The Feast of Christ the King was instituted in the Roman Catholic Church by Pope Pius XI in 1925 to remind the faithful of their allegiance to God rather than to earthly rulers (specifically, Mussolini) and was taken up by other communions in the ecumenical consensus that followed the Second Vatican Council. The title is not used in the 1979 Book of Common Prayer, and the occasion is not a feast properly so called but is a privileged Sunday, always the last one after Pentecost before the beginning of the Advent season and a new liturgical year.
The liturgy at 11:15 begins with the Introit for this feast, taken from the heavenly acclamation in the fifth chapter of the Revelation to St John:
Worthy is the Lamb that was slain
to receive power and wealth and wisdom and might
and honor and glory and blessing.
(The music for this Introit, needed for the newly appointed feast, was adapted from an existing Introit – just as many other chants have been adapted and appropriated as occasions have demanded over the centuries. It is also heard, at both 9:00 and 11:15, in an organ volutary by 20th-century French Benedictine Paul Benoit.)
The Introit sets the tone for the liturgy and for our understanding of Christ as King: he is the one who ‘came not to be served but to serve, and to give his life a ransom for many’, as Sts Matthew and Mark, and our Prayer Book, put it, and his power flows only thence. From the beginning, the present feast has indeed reflected the ambivalence of Our Lord towards the monarchical imagery that often, understandably, attaches itself to religion and religious figures. The Gospel originally appointed for this feast (now read in Year B, the current year, of the three-year lectionary) is the scene of Jesus before Pilate: Christ is being hailed, or mocked, as the ‘King of the Jews’ but seems reluctant to take on the title, being more interested in truth than (earthly) power.
Another passage from the Revelation, this time from the first chapter, serves as the Epistle; it offers a striking list of the attributes of this most curoius king – he is ‘the faithful witness, the firstborn of the dead, and the ruler of the kings of the earth…who loves us and freed us from our sins by his blood, and made us to be a kingdom, priests serving his God and Father’ – before looking to his return:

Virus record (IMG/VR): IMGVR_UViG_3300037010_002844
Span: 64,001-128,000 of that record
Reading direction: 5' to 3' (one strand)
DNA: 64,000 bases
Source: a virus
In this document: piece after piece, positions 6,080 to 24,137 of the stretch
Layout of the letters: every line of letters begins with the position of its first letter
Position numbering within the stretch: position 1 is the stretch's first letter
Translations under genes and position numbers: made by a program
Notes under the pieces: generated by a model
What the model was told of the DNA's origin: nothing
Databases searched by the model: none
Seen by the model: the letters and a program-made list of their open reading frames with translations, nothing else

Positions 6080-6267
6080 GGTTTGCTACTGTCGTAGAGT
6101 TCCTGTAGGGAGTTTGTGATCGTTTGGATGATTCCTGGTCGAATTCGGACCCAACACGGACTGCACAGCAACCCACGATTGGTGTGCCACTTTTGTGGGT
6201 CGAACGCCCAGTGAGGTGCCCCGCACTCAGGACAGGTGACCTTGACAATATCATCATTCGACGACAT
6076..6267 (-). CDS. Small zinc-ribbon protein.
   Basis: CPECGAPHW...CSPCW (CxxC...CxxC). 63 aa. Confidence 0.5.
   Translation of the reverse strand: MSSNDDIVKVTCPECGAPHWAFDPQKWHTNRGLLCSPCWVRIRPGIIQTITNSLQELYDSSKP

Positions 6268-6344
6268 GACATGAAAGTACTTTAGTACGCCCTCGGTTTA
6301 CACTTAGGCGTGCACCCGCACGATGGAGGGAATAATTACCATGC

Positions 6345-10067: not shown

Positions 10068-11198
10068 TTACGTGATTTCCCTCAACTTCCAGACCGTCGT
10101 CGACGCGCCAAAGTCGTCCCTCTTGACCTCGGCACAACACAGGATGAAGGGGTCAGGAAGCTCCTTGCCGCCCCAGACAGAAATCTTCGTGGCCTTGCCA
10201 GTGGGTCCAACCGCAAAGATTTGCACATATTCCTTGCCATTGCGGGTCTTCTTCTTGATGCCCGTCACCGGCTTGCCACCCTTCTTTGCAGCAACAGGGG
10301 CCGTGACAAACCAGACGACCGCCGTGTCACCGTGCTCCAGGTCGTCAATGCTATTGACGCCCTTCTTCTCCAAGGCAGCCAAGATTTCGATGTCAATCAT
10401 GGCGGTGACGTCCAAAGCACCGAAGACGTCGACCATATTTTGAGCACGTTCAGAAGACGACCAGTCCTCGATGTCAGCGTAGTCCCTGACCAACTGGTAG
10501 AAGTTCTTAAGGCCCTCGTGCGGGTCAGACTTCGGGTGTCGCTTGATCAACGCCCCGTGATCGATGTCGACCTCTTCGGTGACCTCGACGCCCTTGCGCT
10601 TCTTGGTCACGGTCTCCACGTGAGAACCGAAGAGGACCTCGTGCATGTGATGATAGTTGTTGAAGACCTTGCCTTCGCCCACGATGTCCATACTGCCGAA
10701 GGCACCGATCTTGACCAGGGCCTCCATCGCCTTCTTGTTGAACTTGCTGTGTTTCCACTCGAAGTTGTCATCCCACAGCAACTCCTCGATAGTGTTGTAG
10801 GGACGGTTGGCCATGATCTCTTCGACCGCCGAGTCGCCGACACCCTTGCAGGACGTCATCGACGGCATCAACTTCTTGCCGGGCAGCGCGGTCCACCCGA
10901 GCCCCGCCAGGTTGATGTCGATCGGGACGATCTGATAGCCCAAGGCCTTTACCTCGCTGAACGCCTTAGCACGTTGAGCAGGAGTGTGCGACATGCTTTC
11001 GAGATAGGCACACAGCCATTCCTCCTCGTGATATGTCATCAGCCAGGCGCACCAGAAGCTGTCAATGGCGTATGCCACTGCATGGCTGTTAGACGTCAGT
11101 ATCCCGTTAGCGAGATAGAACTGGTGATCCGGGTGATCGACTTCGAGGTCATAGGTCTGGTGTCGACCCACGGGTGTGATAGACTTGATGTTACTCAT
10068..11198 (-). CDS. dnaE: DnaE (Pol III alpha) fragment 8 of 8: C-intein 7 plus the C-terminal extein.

Look! He is coming with the clouds;
every eye will see him,
even those who pierced him;
and on his account all the tribes of the earth will wail.
This passage forms the basis of one of Charles Wesley’s best hymns, ‘Lo! he comes with clouds descending’ , titled ‘Thy Kingdom come’. The most striking stanza of all, however, is the third, which affirms not only that the ascended and then returning Christ still bears the signs of his sacrifice, but also that those wounds are sign and means of his glorification:
Those dear tokens of his passion
still his dazzling body bears,
cause of endless exultation
to his ransomed worshippers;
with what rapture, with what rapture
gaze we on those glorious scars!
Though an alternative tune is provided in the Hymnal, Wesley’s hymn has been set from the beginning to the tune ‘Helmsley’, whose composer is not known with certainty but may have been Martin Madan, who also wrote part of the hymn ‘Hail, thou once despisèd Jesus’ and was an influential hymnal compiler and editor. Ralph Vaughan Williams’s arrangement transforms the somewhat trivial 18th-century tune into an exceedingly grand piece of music that, however much attention it draws to itself, is also a worthy vehicle for Wesley’s words.
The Gospel for this day also offers an opportunity to sing a very fine devotional hymn that otherwise is usually sung only on Palm Sunday: ‘My song is love unknown’ . Published in 1664 by Samuel Crossman, an Anglican (and sometime Dissenting) clergyman, it was not used as a congregational song until the 19th century. The intensely personal and emotional text – written in a mood one might call ‘dumbfounded’ – makes excellent use of the chosen stanzaic form: four lines of 6 syllables each, rhymed abab, followed by four lines of 4 syllables each, rhymed cddc. In every stanza the last four lines contain a contradiction (‘but…’, ‘then…’, ‘yet…’) or an intensification and personalization (‘who am I’, ‘O my friend’, ‘What may I say?’, ‘This is my friend’) of the first four, and the many contradictions, reversals, and ironies are also evoked formally in the cddc rhyme. The text is admirably supported by a tune written for it by John Ireland in 1919, which, sensitive to Crossman’s many enjambed lines, combines lines 3–4, 5–6, and 7–8 into one musical phrase each.
Our entrance hymn, the excellent ‘At the Name of Jesus’ , was covered in the notes for this same Sunday last year, November 22. Our postcommunion hymn is ‘Crown him with many crowns’ , whose well-crafted tune beginning with a fanfare-like gesture (which, however picturesque, does suit the dactyl at the beginning of the stanza) is probably responsible for most of its popularity; nevertheless the text admirably conveys Christ’s incarnation, Passion, and exaltation, and above all his ‘wondrous name of Love’.
The closing voluntary is the last movement, ‘Acclamations’, of the Suite Médiévale by 20th-century French composer Jean Langlais; it is based upon the text and chant of what are sometimes called the ‘Royal Acclamations’, a set of prayers for the Church that, among long litanies and other prayers, includes lines such as the following:
Christ conquers, Christ reigns, Christ commands.
Give ear, O Christ…King of kings, our King, our Hope, our Glory…
To him alone be authority, praise, and rejoicing, through the ages of ages…
Let the peace of Christ come! Let the reign of Christ come! Thanks be to God. Amen.